[ by Charles Cameron — of no practical importance, yet curious indeed, Mahdism, Pakistani history, shamanism, magic, the Kwakiutl / Tlingit, religion ]
I really don’t have much to say about this, but I’d like to note it as one more instance of Mahdism cropping up in unlikely places. And a h/t to Scott McWilliams @macengr for pointing me to the story. I can’t entirely vouch for its accuracy since I don’t have easy access to 1970s Pakistani newspapers, but I’ve seen allusions to the same story dating back a couple of years
When the Pakistani army and bureaucratic establishment realized that Mujib-ur-Rehman’s Awami League and Zulfiqar Ali Bhutto’s PPP were attracting people—with no other party able to draw even 5000 to its rallies—they imported Zohra Fona, a woman from Indonesia, pregnant with Imam Mehdi. She had visited several Islamic countries, it was propagated, where rulers had offered prayers in her Imamat [i.e. she led the prayers even if a woman is not supposed to do that].
Many Muslim intellectuals and scholars claimed through their writings and lectures that the time for Imam Mehdi’s appearance had arrived. A new Islamic world was about to emerge. During this period the Islamic parties, including Jamat-e-Islami, perpetrated violence. Members started attacking liberal and progressive professors, doctors, writers, journalists as well as their houses. They also burned many libraries and collections of books.
Zohra Fona claimed that the child in her womb recited Azaan [call for prayers] and could lead the prayers. Ulema like Maulana Okarvi and Ehtesham Ul Haque went to see Zohra Fona and listened to Azan with ears close to lady’s womb. Prayer events were arranged for her in open places as well as in the larger mosques, and the Ulema [religious scholars] were praying behind her. She would stretch her legs towards Kaaba [Mecca], directing her womb toward the pulpit. Suddenly Azaan would start coming from her womb or from another private part. The Ulema were so shameless that they were offering prayers while focusing their eyes on her private parts.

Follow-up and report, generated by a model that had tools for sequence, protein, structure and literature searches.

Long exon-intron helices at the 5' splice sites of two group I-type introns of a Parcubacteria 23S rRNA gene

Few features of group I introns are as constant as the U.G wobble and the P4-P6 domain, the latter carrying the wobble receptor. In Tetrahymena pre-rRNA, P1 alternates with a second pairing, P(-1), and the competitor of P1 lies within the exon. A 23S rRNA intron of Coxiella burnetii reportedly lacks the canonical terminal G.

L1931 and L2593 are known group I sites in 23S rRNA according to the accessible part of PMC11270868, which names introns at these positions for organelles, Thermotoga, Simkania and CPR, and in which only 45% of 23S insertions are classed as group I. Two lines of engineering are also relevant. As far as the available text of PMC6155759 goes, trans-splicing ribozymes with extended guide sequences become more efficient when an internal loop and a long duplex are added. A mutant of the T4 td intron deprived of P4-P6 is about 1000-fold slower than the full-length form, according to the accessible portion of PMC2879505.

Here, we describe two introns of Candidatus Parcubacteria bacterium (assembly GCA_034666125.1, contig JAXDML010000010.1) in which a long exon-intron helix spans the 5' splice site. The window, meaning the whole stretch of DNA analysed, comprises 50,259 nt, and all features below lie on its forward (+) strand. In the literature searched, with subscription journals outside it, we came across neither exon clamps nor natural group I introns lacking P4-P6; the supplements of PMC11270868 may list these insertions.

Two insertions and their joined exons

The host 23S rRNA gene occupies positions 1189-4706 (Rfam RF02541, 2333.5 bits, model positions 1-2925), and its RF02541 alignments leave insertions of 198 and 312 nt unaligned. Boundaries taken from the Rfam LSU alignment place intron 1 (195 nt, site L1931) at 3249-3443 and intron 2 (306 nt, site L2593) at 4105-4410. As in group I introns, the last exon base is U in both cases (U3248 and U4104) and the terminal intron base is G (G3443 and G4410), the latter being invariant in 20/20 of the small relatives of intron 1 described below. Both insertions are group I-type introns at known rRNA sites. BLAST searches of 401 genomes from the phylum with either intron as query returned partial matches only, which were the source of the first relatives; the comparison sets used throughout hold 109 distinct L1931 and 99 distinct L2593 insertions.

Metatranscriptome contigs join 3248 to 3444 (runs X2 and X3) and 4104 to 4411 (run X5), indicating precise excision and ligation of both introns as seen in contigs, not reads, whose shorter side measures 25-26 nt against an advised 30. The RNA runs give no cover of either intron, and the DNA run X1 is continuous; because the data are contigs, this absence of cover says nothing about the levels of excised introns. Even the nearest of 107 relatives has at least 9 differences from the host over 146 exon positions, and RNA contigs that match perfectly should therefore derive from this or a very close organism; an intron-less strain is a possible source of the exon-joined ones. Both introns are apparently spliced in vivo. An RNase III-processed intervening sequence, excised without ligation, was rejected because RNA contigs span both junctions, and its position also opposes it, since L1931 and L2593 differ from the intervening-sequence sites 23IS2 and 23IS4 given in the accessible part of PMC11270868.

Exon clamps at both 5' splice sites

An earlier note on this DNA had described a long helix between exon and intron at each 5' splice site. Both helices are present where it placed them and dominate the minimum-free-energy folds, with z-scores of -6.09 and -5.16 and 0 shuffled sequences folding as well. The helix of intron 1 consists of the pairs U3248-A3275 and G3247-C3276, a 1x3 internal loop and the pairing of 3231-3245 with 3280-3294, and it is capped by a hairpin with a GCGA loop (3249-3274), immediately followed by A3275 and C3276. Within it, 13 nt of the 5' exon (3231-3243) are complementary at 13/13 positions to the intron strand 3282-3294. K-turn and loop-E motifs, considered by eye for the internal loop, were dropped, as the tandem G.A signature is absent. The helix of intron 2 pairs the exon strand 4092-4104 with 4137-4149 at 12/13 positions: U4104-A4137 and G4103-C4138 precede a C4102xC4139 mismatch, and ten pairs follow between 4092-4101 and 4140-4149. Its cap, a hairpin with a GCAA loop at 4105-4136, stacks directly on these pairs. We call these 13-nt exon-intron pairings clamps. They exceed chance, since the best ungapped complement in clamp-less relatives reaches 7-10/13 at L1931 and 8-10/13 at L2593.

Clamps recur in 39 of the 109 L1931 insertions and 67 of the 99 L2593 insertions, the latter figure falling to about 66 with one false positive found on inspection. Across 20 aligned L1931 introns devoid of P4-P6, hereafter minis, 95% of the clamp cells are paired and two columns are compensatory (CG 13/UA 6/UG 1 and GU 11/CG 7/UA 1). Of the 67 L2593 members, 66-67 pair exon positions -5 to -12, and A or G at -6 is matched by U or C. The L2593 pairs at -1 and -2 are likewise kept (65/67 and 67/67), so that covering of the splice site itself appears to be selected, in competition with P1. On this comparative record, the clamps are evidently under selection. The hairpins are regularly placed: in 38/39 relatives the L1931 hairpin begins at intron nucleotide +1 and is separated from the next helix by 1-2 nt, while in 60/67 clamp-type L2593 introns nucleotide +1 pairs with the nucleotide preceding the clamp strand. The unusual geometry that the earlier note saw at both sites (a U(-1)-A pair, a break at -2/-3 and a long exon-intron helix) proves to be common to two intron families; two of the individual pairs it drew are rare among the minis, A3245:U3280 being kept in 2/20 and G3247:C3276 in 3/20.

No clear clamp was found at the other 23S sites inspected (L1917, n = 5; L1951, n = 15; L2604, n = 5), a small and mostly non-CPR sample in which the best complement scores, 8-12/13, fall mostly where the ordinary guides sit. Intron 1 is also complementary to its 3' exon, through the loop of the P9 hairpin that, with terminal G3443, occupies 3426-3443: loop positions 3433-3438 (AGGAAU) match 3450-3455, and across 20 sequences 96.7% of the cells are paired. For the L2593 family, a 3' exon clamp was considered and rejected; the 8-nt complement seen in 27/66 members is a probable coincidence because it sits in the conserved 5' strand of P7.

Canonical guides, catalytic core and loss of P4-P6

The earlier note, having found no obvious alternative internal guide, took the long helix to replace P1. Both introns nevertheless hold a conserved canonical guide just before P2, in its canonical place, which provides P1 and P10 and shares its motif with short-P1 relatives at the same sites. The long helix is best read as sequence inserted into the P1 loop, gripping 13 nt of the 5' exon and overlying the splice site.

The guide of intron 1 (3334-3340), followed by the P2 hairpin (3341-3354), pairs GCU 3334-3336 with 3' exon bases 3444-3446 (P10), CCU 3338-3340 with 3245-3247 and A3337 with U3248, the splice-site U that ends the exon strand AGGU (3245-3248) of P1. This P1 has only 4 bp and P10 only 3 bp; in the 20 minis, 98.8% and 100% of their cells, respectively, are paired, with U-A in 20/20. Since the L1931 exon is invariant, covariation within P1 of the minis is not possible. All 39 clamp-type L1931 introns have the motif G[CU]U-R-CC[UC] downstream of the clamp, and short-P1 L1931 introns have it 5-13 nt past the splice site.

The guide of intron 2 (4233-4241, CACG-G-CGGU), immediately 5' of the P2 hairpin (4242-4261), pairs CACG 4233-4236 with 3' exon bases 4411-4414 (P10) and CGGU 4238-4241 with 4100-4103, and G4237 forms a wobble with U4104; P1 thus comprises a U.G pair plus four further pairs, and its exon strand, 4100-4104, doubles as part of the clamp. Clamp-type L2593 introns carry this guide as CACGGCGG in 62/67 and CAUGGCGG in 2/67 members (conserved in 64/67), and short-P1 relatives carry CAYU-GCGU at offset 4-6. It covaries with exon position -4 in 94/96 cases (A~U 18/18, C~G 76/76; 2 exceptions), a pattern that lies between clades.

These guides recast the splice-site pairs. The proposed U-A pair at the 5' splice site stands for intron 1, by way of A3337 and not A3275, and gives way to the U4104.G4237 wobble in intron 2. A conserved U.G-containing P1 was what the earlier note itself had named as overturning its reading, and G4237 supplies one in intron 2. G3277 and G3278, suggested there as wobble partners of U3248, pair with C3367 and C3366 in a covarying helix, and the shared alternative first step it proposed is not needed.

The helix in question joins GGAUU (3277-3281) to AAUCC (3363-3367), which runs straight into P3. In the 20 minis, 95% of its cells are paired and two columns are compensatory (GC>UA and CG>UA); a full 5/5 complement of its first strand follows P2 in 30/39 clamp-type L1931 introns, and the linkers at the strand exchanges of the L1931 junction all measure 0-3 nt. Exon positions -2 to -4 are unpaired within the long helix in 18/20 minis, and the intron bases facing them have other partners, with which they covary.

Back then the left was very organized so it was difficult to explain this farce. Finally the Pakistan Medical Association and doctors at Jinnah Hospital, Karachi decided to unearth the drama. Several lady gynecologists were asked to help; they knew that this kind of thing could not happen. But Zohra Fona was very clever. Whenever doctors were pursuing her to take a medical examination she avoided with help from the Pakistani security forces. But one day, when she was unable to escape, the doctors of Jinnah hospital, Karachi conducted an examination. The doctors recovered a small tape recorder from her womb.
Does the bit about the tape-recorder in the womb sound a bit far-fetched? Here’s another version, this one from The [International] News:
Zohra Fona, a blessed Indonesian woman, arrived in Pakistan just ahead its first general elections. She was said to be expecting a child who would be Imam Mehdi. She had visited several Islamic countries where, and it was propagated, that rulers had offered prayers in her imamat. Many ulema began to claim that the time for Imam Mehdi’s coming had arrived.
Zohra Fona claimed that the child recited Azaan. Reputed ulema like Maulana Okarvi and Ehteshamul Haque met Zohra Fona and listened to the Azaan with ears close to the lady’s stomach. She began to draw huge crowds to mosques and parks where she led prayers. Our reputed ulema would join the prayers.